Research Design and Methods

The DCCT was a large multicenter randomized controlled clinical trial that compared an intensive treatment regimen directed at achieving blood glucose levels as close to normal as possible to conventional treatment as practiced at that time (1980s–1990s). The DCCT population consisted of 1441 subjects aged 13–39 years at study entry.10

The trial included two subcohorts. Participants in the primary prevention subcohort had a diabetes duration of 1–5 years, no retinopathy by seven-field stereoscopic fundus photography, and no evidence of microalbuminuria at baseline (726 subjects). The secondary intervention subcohort included 715 subjects with 1–15 years of diabetes, mild-moderate non-proliferative diabetic retinopathy, and albuminuria <140ug/min.

After a mean follow-up of 6.5 years, the DCCT reported a statistically significant reduction in microvascular endpoints in the intensive compared with conventional therapy group. Follow-up was excellent in the DCCT with subjects attending 99% of scheduled follow-up visits. Subjects were followed for an average of 6.5 years (range 3–9).

To assess various diabetic retinopathy endpoints, standardized seven-field stereoscopic retinal color photographs were taken by certified photographers at baseline and every 6 months during follow-up. All photographs were mailed to the DCCT Central Ophthalmologic Reading Unit located at the University of Wisconsin, where they were assessed by masked graders in a standardized procedure using the Early Treatment Diabetic Retinopathy Study (ETDRS) protocol.11

This study was approved by the Partners’ Human Research Committee Institutional Review Board at the Brigham and Women’s Hospital.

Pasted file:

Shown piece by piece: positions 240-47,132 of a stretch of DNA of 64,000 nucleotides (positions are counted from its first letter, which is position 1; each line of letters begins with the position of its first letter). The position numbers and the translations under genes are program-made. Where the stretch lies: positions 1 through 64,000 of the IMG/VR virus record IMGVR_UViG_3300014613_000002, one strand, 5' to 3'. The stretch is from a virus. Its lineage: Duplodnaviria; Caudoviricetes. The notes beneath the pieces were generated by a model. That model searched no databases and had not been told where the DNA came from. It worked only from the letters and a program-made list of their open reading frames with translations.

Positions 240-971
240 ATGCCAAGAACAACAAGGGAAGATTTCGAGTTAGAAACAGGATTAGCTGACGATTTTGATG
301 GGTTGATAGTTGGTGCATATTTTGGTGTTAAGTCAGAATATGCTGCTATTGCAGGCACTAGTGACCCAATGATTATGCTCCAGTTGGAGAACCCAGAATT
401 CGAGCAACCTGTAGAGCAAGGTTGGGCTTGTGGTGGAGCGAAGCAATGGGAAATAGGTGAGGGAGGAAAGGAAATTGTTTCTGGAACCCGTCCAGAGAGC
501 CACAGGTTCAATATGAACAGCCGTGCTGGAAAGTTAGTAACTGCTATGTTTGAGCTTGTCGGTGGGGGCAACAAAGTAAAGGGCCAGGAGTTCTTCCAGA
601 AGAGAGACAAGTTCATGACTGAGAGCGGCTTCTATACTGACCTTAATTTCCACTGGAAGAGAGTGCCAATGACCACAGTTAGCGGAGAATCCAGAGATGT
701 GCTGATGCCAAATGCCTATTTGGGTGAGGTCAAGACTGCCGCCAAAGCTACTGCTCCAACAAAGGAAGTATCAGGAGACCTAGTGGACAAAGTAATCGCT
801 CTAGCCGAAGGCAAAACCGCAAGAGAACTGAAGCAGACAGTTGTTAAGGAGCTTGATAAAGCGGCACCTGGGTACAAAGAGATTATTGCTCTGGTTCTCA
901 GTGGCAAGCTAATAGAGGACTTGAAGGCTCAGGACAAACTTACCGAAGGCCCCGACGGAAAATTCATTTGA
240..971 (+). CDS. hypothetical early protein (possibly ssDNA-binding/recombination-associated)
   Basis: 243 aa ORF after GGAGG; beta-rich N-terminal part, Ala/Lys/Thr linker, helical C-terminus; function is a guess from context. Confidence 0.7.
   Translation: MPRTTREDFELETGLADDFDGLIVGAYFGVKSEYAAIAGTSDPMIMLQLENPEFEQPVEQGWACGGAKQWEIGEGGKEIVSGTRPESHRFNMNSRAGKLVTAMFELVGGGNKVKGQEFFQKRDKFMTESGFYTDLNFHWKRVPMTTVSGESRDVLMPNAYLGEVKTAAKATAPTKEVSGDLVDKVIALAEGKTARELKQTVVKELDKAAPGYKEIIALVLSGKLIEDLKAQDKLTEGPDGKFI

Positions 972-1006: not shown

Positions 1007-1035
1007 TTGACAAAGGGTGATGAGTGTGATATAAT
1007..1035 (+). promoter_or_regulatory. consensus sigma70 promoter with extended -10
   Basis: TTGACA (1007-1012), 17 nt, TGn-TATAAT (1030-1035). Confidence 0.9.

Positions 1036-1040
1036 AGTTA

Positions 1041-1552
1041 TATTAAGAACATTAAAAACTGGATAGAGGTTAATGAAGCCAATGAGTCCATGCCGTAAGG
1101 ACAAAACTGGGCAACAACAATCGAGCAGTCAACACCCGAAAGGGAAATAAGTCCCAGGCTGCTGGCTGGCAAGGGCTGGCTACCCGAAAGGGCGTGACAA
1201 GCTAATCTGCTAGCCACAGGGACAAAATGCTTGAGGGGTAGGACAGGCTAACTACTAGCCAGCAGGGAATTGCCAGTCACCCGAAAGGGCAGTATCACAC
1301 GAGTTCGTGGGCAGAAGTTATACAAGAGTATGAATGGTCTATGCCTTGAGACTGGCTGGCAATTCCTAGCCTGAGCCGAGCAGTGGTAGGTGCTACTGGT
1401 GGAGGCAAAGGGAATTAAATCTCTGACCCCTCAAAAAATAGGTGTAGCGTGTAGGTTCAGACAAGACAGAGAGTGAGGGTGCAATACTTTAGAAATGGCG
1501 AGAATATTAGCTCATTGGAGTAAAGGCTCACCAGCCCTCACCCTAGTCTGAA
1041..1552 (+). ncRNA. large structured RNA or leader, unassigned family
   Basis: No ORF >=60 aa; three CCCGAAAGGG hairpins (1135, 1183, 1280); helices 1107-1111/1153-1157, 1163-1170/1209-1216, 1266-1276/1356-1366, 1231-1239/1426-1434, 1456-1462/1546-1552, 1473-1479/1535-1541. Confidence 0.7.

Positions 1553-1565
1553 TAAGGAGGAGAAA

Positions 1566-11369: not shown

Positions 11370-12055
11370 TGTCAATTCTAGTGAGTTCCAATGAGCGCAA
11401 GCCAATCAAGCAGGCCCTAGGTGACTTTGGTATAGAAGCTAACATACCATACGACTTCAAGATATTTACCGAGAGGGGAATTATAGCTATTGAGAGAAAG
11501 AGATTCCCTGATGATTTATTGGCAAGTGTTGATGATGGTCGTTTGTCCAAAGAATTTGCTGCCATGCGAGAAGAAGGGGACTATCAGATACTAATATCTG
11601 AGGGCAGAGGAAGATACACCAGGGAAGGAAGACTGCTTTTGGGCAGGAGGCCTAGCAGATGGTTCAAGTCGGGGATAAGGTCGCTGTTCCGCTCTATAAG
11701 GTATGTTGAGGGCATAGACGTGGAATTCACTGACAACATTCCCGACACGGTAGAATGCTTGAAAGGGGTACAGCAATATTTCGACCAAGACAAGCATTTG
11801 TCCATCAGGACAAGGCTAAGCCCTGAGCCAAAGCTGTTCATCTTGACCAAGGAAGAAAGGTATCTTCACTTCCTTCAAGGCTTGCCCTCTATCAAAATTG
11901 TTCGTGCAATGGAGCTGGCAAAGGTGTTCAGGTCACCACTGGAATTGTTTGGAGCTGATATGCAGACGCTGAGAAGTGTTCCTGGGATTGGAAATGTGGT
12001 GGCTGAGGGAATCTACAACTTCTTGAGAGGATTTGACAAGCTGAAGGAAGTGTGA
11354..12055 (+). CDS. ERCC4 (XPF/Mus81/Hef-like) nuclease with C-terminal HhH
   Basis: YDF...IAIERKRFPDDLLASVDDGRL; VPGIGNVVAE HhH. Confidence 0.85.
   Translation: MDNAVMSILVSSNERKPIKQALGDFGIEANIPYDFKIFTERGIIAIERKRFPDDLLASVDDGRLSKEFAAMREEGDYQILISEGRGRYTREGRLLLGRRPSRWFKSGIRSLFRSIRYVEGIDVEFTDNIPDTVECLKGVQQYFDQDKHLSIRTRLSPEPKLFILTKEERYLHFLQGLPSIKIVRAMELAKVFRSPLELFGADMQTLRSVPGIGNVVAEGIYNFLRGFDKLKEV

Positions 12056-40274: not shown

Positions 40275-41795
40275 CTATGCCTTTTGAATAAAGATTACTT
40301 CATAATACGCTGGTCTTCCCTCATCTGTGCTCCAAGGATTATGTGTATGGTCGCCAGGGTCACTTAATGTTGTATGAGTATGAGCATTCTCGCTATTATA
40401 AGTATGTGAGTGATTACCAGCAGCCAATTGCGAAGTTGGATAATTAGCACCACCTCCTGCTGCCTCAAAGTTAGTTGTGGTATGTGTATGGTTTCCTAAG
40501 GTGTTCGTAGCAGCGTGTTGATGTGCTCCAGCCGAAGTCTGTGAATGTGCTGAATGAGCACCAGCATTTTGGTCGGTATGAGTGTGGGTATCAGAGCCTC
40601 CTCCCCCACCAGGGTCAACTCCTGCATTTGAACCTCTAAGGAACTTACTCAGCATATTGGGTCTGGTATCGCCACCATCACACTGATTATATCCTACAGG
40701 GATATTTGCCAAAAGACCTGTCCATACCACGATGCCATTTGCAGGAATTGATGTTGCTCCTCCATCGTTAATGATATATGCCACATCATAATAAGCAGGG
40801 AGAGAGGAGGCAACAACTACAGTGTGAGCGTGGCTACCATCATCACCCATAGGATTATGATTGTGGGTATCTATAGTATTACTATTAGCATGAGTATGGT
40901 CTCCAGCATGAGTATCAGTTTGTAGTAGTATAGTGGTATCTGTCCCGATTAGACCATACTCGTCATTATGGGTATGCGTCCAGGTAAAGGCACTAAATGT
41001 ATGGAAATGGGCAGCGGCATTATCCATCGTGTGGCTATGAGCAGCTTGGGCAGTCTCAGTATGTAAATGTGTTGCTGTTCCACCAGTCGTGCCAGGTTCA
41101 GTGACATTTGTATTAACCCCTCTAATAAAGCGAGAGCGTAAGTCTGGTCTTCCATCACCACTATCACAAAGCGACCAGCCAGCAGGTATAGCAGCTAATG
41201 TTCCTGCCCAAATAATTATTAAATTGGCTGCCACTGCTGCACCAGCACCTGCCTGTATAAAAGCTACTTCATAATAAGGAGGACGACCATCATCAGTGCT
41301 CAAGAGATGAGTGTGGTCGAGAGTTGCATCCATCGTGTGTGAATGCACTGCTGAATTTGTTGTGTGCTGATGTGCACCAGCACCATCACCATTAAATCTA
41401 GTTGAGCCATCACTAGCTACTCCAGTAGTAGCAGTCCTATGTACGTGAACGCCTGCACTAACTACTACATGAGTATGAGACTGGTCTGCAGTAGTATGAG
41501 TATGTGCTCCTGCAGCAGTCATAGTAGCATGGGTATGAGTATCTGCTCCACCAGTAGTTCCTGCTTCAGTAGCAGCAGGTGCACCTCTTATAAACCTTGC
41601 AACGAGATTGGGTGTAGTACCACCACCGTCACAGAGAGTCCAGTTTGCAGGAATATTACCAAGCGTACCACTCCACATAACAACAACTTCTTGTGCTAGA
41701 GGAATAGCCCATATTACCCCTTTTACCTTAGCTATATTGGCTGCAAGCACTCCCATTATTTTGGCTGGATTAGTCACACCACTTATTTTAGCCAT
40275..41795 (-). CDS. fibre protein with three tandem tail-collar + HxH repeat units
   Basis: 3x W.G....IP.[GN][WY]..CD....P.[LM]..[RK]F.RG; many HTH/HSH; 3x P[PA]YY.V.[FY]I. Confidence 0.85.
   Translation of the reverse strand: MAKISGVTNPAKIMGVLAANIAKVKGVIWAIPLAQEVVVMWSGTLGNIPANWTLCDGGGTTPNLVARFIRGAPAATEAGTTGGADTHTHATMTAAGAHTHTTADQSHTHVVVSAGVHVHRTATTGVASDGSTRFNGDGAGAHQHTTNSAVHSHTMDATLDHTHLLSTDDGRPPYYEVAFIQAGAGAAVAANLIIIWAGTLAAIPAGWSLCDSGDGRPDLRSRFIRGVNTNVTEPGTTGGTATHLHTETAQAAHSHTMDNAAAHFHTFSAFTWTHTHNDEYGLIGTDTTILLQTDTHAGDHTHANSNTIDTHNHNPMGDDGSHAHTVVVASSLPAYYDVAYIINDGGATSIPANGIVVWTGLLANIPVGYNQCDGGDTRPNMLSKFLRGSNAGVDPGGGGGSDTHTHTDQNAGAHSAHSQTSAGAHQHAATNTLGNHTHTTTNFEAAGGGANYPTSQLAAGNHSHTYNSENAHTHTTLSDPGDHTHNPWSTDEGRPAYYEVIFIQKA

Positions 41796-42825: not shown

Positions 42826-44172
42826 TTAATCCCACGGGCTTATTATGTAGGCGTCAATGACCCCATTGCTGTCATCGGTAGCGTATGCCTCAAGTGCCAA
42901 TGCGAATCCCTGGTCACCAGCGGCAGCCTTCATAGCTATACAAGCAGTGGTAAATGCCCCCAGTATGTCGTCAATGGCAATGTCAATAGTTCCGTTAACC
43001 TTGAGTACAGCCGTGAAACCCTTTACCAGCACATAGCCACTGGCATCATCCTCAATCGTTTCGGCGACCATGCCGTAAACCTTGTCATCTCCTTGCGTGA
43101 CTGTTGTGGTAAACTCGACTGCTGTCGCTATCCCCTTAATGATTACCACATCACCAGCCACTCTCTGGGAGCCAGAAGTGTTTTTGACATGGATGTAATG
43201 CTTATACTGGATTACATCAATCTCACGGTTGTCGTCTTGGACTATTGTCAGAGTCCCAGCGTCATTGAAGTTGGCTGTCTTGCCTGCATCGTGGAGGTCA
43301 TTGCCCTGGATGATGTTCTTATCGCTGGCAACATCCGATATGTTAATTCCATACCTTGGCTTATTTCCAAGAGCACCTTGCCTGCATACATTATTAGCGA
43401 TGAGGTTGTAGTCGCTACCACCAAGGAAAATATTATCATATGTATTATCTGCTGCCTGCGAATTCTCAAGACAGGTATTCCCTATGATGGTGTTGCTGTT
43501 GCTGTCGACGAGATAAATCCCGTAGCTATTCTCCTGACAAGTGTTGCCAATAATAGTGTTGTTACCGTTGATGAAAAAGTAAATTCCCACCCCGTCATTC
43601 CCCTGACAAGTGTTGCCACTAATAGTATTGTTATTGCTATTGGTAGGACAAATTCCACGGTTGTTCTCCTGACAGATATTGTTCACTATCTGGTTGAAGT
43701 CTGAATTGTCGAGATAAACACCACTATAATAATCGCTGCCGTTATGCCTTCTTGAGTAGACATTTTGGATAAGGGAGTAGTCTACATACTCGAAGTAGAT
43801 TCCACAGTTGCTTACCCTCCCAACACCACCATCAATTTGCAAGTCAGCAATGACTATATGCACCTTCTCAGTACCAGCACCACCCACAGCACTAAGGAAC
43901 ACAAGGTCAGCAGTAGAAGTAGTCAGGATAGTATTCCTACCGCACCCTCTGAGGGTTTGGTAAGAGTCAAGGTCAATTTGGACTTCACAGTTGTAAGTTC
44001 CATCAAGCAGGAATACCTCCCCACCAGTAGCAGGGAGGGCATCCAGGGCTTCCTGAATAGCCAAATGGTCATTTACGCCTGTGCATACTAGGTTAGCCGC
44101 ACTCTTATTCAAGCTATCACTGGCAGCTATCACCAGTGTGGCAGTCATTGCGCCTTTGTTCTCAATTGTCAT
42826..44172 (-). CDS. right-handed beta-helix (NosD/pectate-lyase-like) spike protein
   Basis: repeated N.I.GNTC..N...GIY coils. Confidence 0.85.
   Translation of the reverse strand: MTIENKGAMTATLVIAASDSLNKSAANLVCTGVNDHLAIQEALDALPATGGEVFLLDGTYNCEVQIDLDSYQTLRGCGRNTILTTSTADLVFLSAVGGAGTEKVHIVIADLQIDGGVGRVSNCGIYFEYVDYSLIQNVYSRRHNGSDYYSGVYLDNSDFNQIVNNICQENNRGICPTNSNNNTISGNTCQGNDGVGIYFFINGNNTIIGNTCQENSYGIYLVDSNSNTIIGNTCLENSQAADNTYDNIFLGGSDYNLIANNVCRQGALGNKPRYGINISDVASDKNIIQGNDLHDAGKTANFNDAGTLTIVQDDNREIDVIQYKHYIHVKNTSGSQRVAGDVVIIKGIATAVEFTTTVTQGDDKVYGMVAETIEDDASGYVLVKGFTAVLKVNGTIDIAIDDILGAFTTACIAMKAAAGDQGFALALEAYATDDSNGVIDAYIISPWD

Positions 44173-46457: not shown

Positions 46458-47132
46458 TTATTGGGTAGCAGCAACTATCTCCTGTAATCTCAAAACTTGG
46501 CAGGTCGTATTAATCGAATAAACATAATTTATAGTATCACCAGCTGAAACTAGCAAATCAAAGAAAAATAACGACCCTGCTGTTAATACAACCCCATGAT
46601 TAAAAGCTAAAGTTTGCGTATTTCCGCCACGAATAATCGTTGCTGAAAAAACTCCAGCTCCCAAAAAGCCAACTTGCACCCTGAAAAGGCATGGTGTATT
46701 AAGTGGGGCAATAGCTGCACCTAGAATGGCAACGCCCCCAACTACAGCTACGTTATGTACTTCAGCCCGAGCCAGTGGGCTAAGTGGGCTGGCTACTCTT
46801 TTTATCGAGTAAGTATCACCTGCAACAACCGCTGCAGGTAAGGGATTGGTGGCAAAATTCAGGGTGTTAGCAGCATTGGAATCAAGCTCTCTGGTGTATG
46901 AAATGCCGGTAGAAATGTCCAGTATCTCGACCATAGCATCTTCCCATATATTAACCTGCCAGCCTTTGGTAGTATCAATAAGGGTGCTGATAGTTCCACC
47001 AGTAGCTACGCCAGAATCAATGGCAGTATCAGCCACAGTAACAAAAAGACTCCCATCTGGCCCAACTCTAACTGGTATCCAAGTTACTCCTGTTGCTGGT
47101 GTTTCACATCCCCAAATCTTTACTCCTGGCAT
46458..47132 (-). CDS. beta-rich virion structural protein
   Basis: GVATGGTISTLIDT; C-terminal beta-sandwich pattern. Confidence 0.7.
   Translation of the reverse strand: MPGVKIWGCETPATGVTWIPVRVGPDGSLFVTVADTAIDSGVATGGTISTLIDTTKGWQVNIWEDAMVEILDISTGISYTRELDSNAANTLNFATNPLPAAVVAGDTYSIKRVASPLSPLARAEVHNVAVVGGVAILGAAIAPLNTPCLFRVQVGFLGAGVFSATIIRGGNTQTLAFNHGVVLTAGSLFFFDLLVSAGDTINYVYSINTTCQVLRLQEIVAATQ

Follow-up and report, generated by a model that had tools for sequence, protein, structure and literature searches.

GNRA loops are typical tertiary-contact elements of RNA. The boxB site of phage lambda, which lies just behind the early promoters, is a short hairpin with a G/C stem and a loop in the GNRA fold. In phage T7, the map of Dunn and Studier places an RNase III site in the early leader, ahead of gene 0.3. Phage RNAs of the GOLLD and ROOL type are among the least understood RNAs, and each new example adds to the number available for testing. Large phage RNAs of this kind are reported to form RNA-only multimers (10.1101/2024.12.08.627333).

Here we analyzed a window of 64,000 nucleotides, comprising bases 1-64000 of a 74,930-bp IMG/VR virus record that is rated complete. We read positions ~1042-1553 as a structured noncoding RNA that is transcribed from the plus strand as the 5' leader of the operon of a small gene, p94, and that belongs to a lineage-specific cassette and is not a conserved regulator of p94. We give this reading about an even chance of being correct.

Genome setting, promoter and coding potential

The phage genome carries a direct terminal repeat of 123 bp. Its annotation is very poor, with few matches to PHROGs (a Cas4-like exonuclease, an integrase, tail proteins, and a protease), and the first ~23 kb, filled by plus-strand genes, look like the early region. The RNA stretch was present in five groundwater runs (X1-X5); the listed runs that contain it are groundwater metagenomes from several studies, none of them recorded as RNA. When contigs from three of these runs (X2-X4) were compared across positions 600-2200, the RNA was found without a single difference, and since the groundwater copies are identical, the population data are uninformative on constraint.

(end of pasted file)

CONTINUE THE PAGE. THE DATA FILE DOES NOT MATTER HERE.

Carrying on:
Laboratory Studies

Fasting serum samples were obtained from DCCT participants at baseline and each annual visit. Blood was drawn into a red-topped tube, allowed to clot for at least 20 minutes, and then spun in a centrifuge at room temperature for 10 minutes at 3000 rpm. Serum was then divided into 1.8ml cryotubes and promptly frozen. Samples were maintained at −70 degrees C at the DCCT central Biochemistry Laboratory, Department of Laboratory Medicine and Pathology, University of Minnesota, until preparation for the present study.

For this study, we measured baseline levels of hsCRP, ICAM-1, VCAM-1, and TNFR1 in baseline blood samples from the 1441 participants in the DCCT. Serum levels of hsCRP were determined by a latex-enhanced immunonephelometric assay on BN II analyzer (Dade Behring, Neward, Del). Serum levels of ICAM-1, VCAM-1, and TNFR1 were determined by enzyme-linked immunosorbent assays (R&D Systems, Minneapolis). The day to day variabilities of each biomarker assay was <10%. HbA1c levels were determined form whole blood at the time of collection using high-performance liquid chromatography in the DCCT Central HbA1c Laboratory.1214

Statistical Methods

We constructed a Kaplan-Meier survival curve for quintiles of the four biomarkers adjusted for randomized treatment group, and then used Cox proportional hazards models to estimate the hazard ratios (HR) and 95% confidence intervals (CI) over quintiles of hsCRP and the other markers for the following DR outcomes: a) >= 3 step progression of diabetic retinopathy along the ETDRS scale sustained for at least 6 months, b) incident clinically significant macular edema (CSME), c) development of obvious (or higher grade) retinal hard exudates15 and d) incident proliferative diabetic retinopathy. Patients were used as the unit of analysis rather than eyes. Therefore, a patient was considered to have developed one of the DR outcomes if they developed the outcome in either eye. Patients with any of the outcomes at baseline were excluded from the analysis for that specific outcome.